Inspection is the process of gathering detailed information about a file, in preparation for migration to new formats, as well as to check the status of works already preserved or yet to be preserved.
In the analog realm, works are regularly inspected in order to detect signs of deterioration in the physical objects. In the context of digital media, inspection of elements consists of checking regularly for operability. It is important to ask, for example, if the software and operating system are functional and still able to maintain the integrity of the work. These kinds of inspection tests cannot be performed without the appropriate hardware. Hardware devices also need to be inspected for operability to ensure that equipment is fully functional. Inspection reveals what conservation and preservation actions are needed.
The following characteristics or basic attributes of computer-based artwork should be examined and described in the catalogue during inspection:
Operating speed of piece; does navigation of piece appear sluggish or fast? (Be mindful that the piece can be intentionally programmed by the artist to run at a specific speed.)
- Arrangement of images and/or text
- Readability of images and/or text
- Functionality of hyperlinks
- Calibration of display device
Rapidly changing technologies and the threat of obsolescence necessitate regular inspection and evaluation of the integrity of a computer-based artwork-the work as an interoperable system of data, data formats, software, and physical hardware.
It is hard to quantify how often items should be inspected. Often, software upgrades do not provide backward compatibility, thereby rendering large amounts of digital information obsolete in a short amount of time and without advance warning.
Storing digital media on a system of redundant independent hard disks, or on a server duplicates your data and keeps it relatively secure, provided it is well managed. This is the most expensive option.
As cost per megabyte has decreased, a single external hard drive is an affordable solution and is reliable enough to store the components of a digital work.
Like hard drives and disks, computer equipment and monitors should be kept consistently cool and dry and free from airborne contaminants.
Assessing the Risks
Using an item-level inventory, assess each component in terms of risk of deterioration or obsolescence. Distinguish file formats as proprietary or open source. Who developed the standard, when, and who owns it now? What software is needed to read/view the file? Is the format still supported?
Similarly, assess hardware requirements to "run" the work. Is the software application still supported? Are special installations or plug-ins required? What is the hierarchy and overall infrastructure of the work? What are the requirements for display? Describe the "look" of the work. What are the formal qualities (image content and image quality)? What are the artist's installation instructions?
What is the functionality of the work? Describe the "feel" of the work. How does the user interact with the work? What are the variables? Focus initial preservation efforts on works that have physically deteriorated or include proprietary components that are no longer active or supported in the industry.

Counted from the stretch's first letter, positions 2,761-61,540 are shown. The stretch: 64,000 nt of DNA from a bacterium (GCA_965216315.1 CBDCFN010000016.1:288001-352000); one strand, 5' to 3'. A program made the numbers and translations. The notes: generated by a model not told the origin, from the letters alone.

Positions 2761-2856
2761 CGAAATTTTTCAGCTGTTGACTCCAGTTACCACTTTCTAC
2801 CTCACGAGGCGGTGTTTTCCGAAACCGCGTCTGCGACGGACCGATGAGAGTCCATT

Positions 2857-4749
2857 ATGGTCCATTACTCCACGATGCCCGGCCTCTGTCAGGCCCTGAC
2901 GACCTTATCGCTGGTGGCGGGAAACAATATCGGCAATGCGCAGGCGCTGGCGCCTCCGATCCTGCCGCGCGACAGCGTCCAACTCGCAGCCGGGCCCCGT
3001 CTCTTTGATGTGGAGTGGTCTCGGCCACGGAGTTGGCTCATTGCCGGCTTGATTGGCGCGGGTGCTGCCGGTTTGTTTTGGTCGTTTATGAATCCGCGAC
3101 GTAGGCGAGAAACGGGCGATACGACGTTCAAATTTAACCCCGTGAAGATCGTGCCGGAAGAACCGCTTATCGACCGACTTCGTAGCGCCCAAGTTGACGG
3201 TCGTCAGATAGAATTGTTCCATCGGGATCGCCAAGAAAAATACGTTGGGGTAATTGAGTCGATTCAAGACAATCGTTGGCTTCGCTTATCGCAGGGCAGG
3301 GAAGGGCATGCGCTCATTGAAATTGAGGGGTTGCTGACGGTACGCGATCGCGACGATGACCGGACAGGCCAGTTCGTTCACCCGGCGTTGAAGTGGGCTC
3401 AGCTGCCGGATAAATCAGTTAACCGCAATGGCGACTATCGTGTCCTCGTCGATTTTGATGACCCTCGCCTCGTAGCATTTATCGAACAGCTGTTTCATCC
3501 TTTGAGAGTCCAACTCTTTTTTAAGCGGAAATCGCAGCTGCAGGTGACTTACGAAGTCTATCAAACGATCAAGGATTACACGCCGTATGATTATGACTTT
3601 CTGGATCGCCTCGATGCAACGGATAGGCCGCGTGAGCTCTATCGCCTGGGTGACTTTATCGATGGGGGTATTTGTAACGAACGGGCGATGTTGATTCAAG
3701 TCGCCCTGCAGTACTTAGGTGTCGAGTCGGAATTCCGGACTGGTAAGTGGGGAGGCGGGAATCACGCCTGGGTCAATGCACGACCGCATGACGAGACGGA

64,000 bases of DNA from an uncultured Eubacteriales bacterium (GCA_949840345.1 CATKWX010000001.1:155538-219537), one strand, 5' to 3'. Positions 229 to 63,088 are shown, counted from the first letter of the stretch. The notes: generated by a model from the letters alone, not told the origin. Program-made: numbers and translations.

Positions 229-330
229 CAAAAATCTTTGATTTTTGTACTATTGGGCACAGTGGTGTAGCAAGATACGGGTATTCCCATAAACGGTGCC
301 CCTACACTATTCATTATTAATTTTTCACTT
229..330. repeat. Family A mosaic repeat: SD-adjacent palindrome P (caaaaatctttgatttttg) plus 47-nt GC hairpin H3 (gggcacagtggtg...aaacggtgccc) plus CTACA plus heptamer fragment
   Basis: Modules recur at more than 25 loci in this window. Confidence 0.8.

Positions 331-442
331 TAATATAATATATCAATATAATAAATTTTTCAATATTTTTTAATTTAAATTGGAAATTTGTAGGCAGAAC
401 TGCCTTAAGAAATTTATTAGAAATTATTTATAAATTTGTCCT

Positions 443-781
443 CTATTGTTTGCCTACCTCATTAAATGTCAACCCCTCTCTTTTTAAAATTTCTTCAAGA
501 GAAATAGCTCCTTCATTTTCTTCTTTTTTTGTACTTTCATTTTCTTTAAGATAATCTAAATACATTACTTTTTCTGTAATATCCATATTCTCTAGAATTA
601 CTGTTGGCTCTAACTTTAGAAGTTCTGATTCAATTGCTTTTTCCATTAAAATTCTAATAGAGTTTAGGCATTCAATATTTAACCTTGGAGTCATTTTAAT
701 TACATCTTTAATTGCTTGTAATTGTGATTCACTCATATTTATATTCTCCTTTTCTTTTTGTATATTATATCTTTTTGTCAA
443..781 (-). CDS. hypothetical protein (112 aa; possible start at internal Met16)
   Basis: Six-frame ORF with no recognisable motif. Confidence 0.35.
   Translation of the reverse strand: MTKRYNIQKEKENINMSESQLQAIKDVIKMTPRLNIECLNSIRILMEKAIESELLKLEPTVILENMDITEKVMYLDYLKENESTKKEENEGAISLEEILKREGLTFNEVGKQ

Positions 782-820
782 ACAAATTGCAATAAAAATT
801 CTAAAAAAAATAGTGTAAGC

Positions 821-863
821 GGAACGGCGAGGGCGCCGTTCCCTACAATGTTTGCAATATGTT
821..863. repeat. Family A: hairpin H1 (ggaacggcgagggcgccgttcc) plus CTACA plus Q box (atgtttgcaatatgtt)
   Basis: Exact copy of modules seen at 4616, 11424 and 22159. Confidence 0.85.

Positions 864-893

Digital Media Preservation Strategies
To migrate an artwork involves upgrading equipment and source material. The obsolete Umatic tape could be upgraded to digital betacam tape, for example. There are several levels of migration. Maintaining the original integrity and functionality of the work, you can transfer hardware and software to a new operating system or you can transfer an obsolete file format to a new format.
The major disadvantage of migration is that the original appearance of the artwork will probably change in its new medium
To emulate a work is to devise a way of imitating the original look of the piece by completely different means. Emulation involves the re-creation of the technical environment required to view an object. This is achieved by maintaining information about the hardware and software requirements so that the system can be reengineered by future systems to emulate the original environment. This approach means you do not need to migrate files, but emulators must be created for every software and hardware configuration, which can be expensive. Possible disadvantages of emulation include prohibitive expense and inconsistency with the artist's intent.
Encapsulation groups a digital object with all components that are necessary to provide access to that object. In encapsulation, physical or logical structures called "containers" or "wrappers" provide information about the relationships between all data and software application components. Encapsulation aims to overcome the issue of obsolete file formats by including details on how to interpret the original information and possibly re-create the original work.
It is critical to document all preservation actions and experiments in the catalogue. Although the archivist should avoid making changes that compromise the overall functionality or "look and feel" of the work, any changes that occur, if at all, should be thoroughly documented and explained.
Electronic Arts Intermix
Independent Media Arts Preservation
Variable Media Network
Netherlands Media Art Institute